The West African country of Senegal has hosted a thriving fishing industry for countless generations, and indeed, fishing remains a crucial component of Senegalese economy to this day. However, recent discoveries of offshore oil and gas deposits promise to radically transform the Senegalese economy, as foreign investors prepare a number of projects in the country promising wealth, development, and lots of new jobs.
Elimane Haby Kane is a co-founder of the citizen initiative National Mobilization for Civic Engagement, Sovereignty, Unity, and Reformation (MESURE).
This article first appeared in maldekstra #19. Translated by Ryan Eyers and Sonja Hornung for Gegensatz Translation Collective
These projects no doubt pose a genuine economic opportunity for Senegal, a country where the average worker earns around 200 euro per month, but it is not without dangers. The promise of energy sovereignty on the one hand is certainly appealing for many Senegalese, but the construction of large-scale offshore installations could potentially threaten the country’s oldest resource: fishing. Can development and sustainability be reconciled in this case?
Senegalese environmentalist Elimane Haby Kane spoke with Ibrahima Thiam from the Rosa Luxemburg Foundation about Senegal’s new economic opportunities and the possible dangers they may pose.
Senegal stands at the brink of a new era of offshore oil and gas extraction along its coastline. Do you believe this represents a genuine economic opportunity?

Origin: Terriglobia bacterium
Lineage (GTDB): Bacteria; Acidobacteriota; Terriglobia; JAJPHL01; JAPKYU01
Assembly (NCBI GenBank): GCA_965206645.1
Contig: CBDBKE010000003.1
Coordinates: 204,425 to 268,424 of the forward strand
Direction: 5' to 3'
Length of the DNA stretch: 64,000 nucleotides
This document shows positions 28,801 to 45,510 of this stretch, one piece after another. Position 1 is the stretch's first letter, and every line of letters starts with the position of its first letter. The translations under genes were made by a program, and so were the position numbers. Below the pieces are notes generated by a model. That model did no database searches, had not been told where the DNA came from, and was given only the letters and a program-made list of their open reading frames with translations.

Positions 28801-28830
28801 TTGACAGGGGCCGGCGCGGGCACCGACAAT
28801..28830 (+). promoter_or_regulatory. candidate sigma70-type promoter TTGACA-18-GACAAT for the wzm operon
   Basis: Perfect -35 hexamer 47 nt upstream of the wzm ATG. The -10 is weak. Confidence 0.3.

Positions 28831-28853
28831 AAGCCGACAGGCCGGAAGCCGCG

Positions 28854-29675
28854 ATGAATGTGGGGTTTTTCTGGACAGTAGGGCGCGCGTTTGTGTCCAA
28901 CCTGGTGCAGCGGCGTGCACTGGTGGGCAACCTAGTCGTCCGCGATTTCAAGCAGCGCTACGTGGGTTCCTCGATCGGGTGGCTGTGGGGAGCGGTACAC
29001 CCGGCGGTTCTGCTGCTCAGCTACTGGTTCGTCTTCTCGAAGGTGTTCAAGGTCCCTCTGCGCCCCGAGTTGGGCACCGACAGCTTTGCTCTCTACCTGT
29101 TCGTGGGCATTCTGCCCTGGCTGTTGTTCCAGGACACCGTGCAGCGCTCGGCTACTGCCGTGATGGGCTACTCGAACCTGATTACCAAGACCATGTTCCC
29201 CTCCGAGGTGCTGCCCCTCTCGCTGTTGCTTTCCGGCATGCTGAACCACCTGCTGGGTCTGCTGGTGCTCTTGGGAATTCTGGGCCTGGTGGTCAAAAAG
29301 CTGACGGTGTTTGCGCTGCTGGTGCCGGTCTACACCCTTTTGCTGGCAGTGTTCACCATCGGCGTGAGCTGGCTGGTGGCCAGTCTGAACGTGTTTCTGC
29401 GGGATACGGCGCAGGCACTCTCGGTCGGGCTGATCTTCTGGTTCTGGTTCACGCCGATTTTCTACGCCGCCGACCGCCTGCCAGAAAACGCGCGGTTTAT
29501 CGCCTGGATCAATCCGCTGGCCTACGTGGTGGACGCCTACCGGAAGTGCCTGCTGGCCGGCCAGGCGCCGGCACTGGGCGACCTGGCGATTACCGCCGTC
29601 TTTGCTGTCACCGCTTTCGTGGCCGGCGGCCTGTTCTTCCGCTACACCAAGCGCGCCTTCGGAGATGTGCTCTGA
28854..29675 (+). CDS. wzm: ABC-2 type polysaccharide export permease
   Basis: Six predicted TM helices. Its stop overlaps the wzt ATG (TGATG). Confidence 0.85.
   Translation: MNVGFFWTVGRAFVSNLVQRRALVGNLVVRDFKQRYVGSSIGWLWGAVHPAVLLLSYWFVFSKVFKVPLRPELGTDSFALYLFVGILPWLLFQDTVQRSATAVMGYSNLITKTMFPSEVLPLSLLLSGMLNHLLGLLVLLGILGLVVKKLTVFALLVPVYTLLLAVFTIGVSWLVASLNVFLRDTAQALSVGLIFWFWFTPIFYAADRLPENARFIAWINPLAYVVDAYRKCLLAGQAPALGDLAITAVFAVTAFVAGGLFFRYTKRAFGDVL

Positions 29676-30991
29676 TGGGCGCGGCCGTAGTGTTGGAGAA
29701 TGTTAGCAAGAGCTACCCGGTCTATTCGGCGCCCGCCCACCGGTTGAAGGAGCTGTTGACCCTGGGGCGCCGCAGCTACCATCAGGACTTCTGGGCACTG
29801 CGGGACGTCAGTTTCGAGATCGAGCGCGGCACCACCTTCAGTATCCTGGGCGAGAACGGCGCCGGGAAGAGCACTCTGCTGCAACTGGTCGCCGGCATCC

In 2014, it was announced that significant oil and gas deposits may exist off the coast of Senegal. After this was confirmed in 2016 and 2017, the Senegalese government signed off on two definitive investment projects: the Sangomar Project for the production of oil, and the production of gas as part of the Greater Tortue Ahmeyim (GTA) Project. A third project, the Yaakar-Teranga Project, is still awaiting approval for investment.
Although the projected quantities of oil and gas do not compare to those of other African oil- and gas-producing countries such as Nigeria, Angola, and Equatorial Guinea, they are certainly significant for a country with a middle-income economy such as Senegal, which has previously been heavily dependent on imported hydrocarbons to meet its energy needs.
The oil and gas production projects could indeed represent an economic opportunity for Senegal — but they could also prove to be disastrous. It all depends on how the hydrocarbon sector is governed, as well as the Senegalese state’s ability to ensure that the partners contracted to manage both projects — BP and Woodside — adhere to their contractual obligations.
The first platform off the coast of Saint-Louis in northern Senegal began production in January. What environmental risks and impacts are connected to the extraction of oil and gas, and how can they be kept to a minimum?